As a Catholic, I'm obliged to receive the Eucharist once a year — minimum — and I'm expected to be at Mass each Sunday. Adoration of the Eucharist is a good idea, transubstantiation is what we call the bread and wine becoming flesh and blood, and there's a lot more to say about it. (Catechism of the Catholic Church, 1373-1381, 2177-2183)

I receive the Eucharist each Sunday, by the way. It's my compromise between the bare-bones minimum and daily Mass. Maybe someday I'll stop being a night owl and make morning Mass part of my routine, and that's another topic.

I understand and accept that our Lord really is present at each Mass, but don't understand how bread and wine become body and blood. As I said last week, I like to understand things: but God's God and I'm not. Some things I can't understand. (May 31, 2015)

Two Millennia and Counting

Accepting that our Lord really is physically present at each Mass is easier for me, now that Peter's Bark has been under under way for two millennia.

As Gamaliel said, "if this endeavor or this activity is of human origin, it will destroy itself."

Since then, the authority my Lord gave Peter has been passed along to hundreds of Popes: including recognized Saints; terrible administrators; and Benedict IX, who was kicked out twice and sold the Papacy once.

An outfit "of human origin" would have torn itself to bits by now: several times. And that's — what else? — yet another topic. (September 14, 2014; July 13, 2014; April 27, 2014)

Finally, a bit of what three recent Popes said about the Eucharist:
"...Really partaking of the body of the Lord in the breaking of the Eucharistic bread, we are taken up into communion with Him and with one another. 'Because the bread is one, we though many, are one body, all of us who partake of the one bread'. In this way all of us are made members of His Body, 'but severally members one of another'...."
("Lumen Gentium," Pope Paul VI (November 21, 1964)

"...It is most fitting that my first stop among the Korean people should be in a church such as this, where the minds and hearts of the faithful are constantly raised up in adoration before Christ in the Most Holy Eucharist,
  • Christ offering himself to the Father in Sacrifice for our salvation;
  • Christ giving himself to us to be eaten as the Bread of Life, so that we, too, may give ourselves for the life of others;
  • Christ consoling and strengthening us on our earthly pilgrimage with his abiding presence and friendship.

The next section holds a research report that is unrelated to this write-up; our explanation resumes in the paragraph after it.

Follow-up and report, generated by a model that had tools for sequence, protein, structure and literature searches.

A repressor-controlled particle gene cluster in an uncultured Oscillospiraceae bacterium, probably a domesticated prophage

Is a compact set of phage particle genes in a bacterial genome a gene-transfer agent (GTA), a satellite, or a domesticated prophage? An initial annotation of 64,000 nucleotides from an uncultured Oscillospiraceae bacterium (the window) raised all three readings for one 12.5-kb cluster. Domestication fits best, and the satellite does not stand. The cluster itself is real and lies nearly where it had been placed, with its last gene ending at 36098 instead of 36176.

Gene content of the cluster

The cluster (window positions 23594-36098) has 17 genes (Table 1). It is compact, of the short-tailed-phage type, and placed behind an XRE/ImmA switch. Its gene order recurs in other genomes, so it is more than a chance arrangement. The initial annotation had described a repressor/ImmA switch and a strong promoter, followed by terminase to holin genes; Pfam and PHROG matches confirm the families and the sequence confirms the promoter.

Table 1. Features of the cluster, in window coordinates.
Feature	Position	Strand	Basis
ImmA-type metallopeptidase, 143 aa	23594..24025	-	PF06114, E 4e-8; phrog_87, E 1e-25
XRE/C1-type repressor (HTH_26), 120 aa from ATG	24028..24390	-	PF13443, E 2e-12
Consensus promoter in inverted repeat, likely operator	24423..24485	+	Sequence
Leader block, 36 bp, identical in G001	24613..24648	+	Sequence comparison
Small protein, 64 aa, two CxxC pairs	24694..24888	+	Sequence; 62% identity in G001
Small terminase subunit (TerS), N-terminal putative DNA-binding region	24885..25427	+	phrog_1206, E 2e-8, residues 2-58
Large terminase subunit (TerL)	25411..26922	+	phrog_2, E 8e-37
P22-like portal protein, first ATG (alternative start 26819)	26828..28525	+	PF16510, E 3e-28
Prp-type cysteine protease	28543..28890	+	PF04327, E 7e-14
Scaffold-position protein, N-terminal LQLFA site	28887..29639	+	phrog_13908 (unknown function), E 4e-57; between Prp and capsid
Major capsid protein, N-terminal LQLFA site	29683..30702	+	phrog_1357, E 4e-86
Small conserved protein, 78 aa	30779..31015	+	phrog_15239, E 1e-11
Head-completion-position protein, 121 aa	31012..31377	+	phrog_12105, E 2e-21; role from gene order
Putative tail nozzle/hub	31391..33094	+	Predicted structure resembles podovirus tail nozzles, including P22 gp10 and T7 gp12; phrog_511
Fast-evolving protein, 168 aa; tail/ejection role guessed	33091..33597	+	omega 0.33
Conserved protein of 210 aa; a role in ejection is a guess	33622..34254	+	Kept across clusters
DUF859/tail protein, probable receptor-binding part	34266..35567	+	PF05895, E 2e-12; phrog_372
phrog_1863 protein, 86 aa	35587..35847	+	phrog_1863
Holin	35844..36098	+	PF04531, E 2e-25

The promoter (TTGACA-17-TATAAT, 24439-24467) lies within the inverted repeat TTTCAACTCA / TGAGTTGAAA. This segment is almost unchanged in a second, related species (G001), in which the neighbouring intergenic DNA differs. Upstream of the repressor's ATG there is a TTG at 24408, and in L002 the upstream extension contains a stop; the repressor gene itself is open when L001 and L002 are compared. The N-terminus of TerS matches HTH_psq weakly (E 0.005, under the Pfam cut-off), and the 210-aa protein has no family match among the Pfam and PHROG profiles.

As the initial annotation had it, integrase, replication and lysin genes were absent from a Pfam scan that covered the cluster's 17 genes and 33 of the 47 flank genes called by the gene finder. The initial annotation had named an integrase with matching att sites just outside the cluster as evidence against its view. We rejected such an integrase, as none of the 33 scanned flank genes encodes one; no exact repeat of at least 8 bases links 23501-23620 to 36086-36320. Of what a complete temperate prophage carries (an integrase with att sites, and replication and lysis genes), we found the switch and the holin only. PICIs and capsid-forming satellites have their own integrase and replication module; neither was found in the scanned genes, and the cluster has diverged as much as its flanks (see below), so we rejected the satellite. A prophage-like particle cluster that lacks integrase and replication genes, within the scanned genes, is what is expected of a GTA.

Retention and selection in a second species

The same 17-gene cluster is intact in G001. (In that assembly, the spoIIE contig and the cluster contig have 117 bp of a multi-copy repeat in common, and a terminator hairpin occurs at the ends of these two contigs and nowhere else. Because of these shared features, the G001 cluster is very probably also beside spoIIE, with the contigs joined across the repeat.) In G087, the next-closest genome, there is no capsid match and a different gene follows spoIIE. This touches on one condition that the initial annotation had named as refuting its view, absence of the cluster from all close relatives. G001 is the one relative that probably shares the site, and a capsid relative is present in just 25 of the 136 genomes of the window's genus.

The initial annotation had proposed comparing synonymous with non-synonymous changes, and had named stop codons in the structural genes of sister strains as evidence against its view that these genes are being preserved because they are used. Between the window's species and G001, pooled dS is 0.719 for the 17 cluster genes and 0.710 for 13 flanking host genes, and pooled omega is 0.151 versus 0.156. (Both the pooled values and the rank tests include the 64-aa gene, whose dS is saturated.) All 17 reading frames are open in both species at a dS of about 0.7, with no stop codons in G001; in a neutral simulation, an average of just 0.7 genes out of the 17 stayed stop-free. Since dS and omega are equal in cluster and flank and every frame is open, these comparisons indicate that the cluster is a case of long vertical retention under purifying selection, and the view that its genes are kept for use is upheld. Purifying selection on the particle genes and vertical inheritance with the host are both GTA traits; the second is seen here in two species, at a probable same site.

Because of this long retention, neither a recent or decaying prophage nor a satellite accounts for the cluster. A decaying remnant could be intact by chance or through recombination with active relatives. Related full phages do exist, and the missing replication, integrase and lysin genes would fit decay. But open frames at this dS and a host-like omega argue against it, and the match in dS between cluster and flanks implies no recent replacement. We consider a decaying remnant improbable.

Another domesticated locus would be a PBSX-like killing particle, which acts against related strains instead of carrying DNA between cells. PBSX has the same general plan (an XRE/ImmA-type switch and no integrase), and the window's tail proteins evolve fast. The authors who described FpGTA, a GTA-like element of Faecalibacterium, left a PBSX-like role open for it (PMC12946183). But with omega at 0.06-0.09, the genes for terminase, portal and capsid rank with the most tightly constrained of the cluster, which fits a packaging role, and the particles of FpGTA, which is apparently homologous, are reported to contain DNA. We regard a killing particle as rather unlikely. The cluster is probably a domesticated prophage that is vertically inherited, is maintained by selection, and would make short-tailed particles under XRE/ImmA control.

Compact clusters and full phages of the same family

"In beholding the Word made flesh, now sacramentally present in the Eucharist, the eyes of our bodies are united with the eyes of faith in gazing upon the presence 'par excellence' of Emmanuel, 'God with us', until that day when the sacramental veil will be lifted in the Kingdom of heaven. ..."
("Eucharistic Adoration in the parish church of Nonhyondong," Homily of St. John Paul II (October 7, 1989))

"...Actually it is wrong to set celebration and adoration against each other, as if they were competing. Exactly the opposite is true: worship of the Blessed Sacrament is, as it were, the spiritual 'context' in which the community can celebrate the Eucharist well and in truth. Only if it is preceded, accompanied and followed by this inner attitude of faith and adoration can the liturgical action express its full meaning and value...."
("Solemnity of the Sacred Body and Blood of Christ," Pope Benedict XVI (June 7, 2012))

Why we celebrate:

1 "The Catholic Prayer Book;" Msgr. Michael Buckley (Compiler), Tony Castle (Editor); Servant Books; Revised Updated edition (February 22, 2013)
Paperback ISBN-13: 978-1616366100.

2 The Words of Consecration in English are "This is my body, this is my blood." My language wouldn't be close to its present form for more than a thousand years when the Anxanum/Lanciano incident happened, and I've been over that before. (May 24, 2015)

3 ("The Eucharistic Miracle of Lanciano:Historical, Theological, Scientific and Photographic Documentation," Fr. Nicola Nasuti, OFM Conv.)


Brigid said...

Missing space: "eat. "Munch" or"gnaw" are somewhat equivalent"

The Friendly Neighborhood Proofreader

Brian H. Gill said...

Well, that was an easy fix. Thank you, Brigid. :)

Michael Seagriff said...

You wrote: "I like to understand things: but God's God and I'm not. Some things I can't understand"...and neither the Apostles initially - Where would we go Lord, we know you have the words of eternal life? So they accepted what they did not understand knowing God would not condition there salvation on the impossible and trusting that in His time they would come to understand. They did and so will we. God bless you Brian. I enjoy reading your posts (most of the time).

Brian H. Gill said...

Thank you, Michael Seagriff.

About the Apostles - indeed. About understanding: as you said, full understanding isn't required for faith. Just as well, under the circumstances.